Windows Active Directory

Windows Active Directory

Windows Active Directory is a Windows OS directory service that makes it easy to work with complex, complex, and different network resources uniformly. Active Directory was originally released with Windows 2000 Server and reviewed with additional features in Windows Server 2008. Active Directory provides a common interface for managing and maintaining resource information related to various network directories. Guides may be system-based (such as OS Windows), network resources, or applications, such as printers.

Active Directory acts as a single data store to quickly access data for all users and control access for users based on directory security policies. Active Directory provides the following network services: Lightweight Directory Access Protocol (LDAP): The open scale used to access other directory services. Security services use the principles of Secure Sockets Layer (SSL) and Kerberos based authentication.

Hierarchical and internal organization of data storage in a central location for faster access and better network management. Provides data on multiple servers with simultaneous updates to provide better development. Active Directory is configured internally with hierarchical windows. Each node in a tree-like structure is referred to as an object and is associated with network resources, such as users or services.

Like the database schema concept, Active Directory Schemes are used to define attributes and write for certain Active Directory objects, which makes it easier to find network resources that are connected based on certain attributes. For example, if users need to use a printer with the ability to print colors, object attributes can be set to the appropriate keywords, making it easier to search the entire network and find objects based on those keywords.

Install Windows Active Directory Driver

Domains consist of objects stored within specific security boundaries and interconnected in a tree-like structure. One domain may have multiple servers, each of which can store many objects. In this case, organizational data is stored in several locations, so that the range may contain multiple sites for one domain. Each site can have multiple domain controllers for backup and scalability reasons.

Some domains can be linked to form domain trees, which share schemas, configurations, and general catalogs (which are used to search across domains). Forests are created from a group of several reliable domain trees, and the Active Directory upper layer is formed.

Download and install the Windows Active Directory package here:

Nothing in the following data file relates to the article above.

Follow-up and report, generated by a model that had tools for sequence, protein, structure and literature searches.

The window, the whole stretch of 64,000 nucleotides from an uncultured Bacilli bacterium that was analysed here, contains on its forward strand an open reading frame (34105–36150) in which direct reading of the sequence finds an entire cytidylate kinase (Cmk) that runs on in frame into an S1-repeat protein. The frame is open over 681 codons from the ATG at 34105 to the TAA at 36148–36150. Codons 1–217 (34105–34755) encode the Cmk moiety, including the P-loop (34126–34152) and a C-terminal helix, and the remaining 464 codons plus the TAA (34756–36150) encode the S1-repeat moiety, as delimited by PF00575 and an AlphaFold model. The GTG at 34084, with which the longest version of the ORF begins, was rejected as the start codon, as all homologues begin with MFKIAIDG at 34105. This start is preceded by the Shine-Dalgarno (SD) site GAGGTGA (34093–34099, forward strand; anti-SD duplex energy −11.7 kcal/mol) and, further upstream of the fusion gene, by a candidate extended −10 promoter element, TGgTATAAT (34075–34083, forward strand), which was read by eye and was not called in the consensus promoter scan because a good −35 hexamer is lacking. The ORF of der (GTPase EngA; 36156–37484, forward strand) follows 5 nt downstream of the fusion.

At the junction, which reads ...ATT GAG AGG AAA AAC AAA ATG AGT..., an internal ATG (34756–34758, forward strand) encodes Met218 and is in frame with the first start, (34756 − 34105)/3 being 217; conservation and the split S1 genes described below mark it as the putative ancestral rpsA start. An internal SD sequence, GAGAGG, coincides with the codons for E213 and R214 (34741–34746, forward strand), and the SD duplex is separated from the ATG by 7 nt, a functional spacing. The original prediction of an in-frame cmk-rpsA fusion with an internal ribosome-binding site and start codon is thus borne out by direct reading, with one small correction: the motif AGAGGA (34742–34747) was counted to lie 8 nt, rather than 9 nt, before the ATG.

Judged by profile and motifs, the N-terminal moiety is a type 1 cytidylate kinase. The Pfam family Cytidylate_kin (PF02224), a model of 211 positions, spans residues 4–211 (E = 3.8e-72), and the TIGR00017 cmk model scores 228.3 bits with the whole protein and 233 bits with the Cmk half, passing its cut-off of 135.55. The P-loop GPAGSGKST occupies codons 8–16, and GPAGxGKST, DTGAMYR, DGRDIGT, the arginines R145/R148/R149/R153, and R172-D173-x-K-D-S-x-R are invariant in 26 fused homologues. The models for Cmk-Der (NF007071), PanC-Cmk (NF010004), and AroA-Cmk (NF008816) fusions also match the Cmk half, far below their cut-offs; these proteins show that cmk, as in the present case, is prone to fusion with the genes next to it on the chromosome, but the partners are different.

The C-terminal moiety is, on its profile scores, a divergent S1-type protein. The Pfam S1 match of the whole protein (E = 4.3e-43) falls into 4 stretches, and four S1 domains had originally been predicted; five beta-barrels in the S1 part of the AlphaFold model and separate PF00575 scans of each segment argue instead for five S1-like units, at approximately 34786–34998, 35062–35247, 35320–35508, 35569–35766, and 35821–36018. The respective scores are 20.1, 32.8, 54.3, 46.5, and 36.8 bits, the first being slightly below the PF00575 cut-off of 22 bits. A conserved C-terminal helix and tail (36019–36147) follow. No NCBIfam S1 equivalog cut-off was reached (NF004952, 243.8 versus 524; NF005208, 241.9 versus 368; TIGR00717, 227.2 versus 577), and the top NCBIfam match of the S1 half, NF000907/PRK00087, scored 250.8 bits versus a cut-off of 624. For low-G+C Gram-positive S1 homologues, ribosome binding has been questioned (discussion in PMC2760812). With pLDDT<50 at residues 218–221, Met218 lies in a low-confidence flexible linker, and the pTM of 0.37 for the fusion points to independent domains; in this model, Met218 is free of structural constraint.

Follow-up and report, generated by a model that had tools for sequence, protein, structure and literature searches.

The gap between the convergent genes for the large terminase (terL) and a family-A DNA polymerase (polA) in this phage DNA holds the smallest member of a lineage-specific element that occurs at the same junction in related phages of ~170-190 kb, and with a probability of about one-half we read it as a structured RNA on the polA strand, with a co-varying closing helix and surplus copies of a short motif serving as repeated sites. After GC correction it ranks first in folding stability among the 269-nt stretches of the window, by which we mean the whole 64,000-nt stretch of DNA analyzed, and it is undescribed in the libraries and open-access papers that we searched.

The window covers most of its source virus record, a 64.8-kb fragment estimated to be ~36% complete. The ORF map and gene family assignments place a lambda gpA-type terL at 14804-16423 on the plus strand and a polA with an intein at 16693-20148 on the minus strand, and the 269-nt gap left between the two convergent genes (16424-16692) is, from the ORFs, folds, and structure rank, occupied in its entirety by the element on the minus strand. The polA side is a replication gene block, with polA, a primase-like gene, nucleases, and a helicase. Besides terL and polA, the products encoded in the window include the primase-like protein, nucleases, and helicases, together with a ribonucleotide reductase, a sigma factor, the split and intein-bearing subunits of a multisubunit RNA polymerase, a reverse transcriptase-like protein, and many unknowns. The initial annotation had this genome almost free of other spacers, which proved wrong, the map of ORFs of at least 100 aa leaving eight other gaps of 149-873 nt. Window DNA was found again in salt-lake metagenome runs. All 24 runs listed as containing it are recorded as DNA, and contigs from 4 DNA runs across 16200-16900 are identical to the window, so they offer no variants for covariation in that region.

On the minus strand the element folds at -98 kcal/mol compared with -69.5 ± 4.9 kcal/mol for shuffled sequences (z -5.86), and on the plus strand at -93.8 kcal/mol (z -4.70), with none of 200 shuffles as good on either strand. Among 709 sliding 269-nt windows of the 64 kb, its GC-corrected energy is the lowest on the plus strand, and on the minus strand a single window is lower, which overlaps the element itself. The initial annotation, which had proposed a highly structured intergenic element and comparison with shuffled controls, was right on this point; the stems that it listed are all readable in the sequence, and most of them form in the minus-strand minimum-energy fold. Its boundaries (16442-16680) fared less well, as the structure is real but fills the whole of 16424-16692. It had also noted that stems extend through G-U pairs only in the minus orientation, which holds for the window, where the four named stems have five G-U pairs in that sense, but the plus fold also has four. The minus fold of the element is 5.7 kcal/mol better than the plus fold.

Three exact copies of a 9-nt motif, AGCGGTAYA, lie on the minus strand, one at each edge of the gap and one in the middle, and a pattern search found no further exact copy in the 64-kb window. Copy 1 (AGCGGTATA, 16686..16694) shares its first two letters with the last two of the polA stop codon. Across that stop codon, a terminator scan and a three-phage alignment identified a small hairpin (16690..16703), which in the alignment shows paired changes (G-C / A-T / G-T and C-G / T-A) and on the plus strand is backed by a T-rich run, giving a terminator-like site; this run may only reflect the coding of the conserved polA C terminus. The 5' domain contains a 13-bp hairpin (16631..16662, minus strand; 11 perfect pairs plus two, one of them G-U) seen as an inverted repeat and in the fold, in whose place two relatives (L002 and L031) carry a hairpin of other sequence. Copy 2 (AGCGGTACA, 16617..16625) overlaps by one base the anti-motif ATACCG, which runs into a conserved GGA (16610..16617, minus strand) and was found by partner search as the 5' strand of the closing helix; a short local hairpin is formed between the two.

Windows Active Directory Driver Download

Windows Active Directory (AD) is a Microsoft product that consists of many services running on Windows Server to manage permissions and access to network resources. Active Directory stores data as an object. An object is an item, such as a user, group, application, or device, such as a printer. Objects are usually defined as resources such as printers, computers, or security principals, such as users or groups. Active Directory classifies objects based on names and attributes. For example, usernames can include name strings, along with user-related information, such as passwords and Secure Shell (SSH) keys.

The main service in Active Directory is Domain Services (AD DS), which stores directory information and handles user interactions with domains. AD DS checks access when a user enters a device or tries to connect to a server over a network. AD DS controls user access to every resource. For example, administrators usually have different data access levels for end users. Other Microsoft products, such as Exchange Server and SharePoint Server, rely on AD DS to provide access to resources.

The server that holds AD DS is a domain controller. Many other services include Active Directory. They are Light Directory Services, Certification Services, Federation Services and Rights Management Services. Each service extends product directory management capabilities. Light directory services (LDS AD) have the same code as AD DS, where they share the same functions, such as API. However, AD LDS can be run in some cases on one server and store directory data in data storage using the Lightweight Directory Access Protocol (LDAP). Thank for visit Windows Active Directory.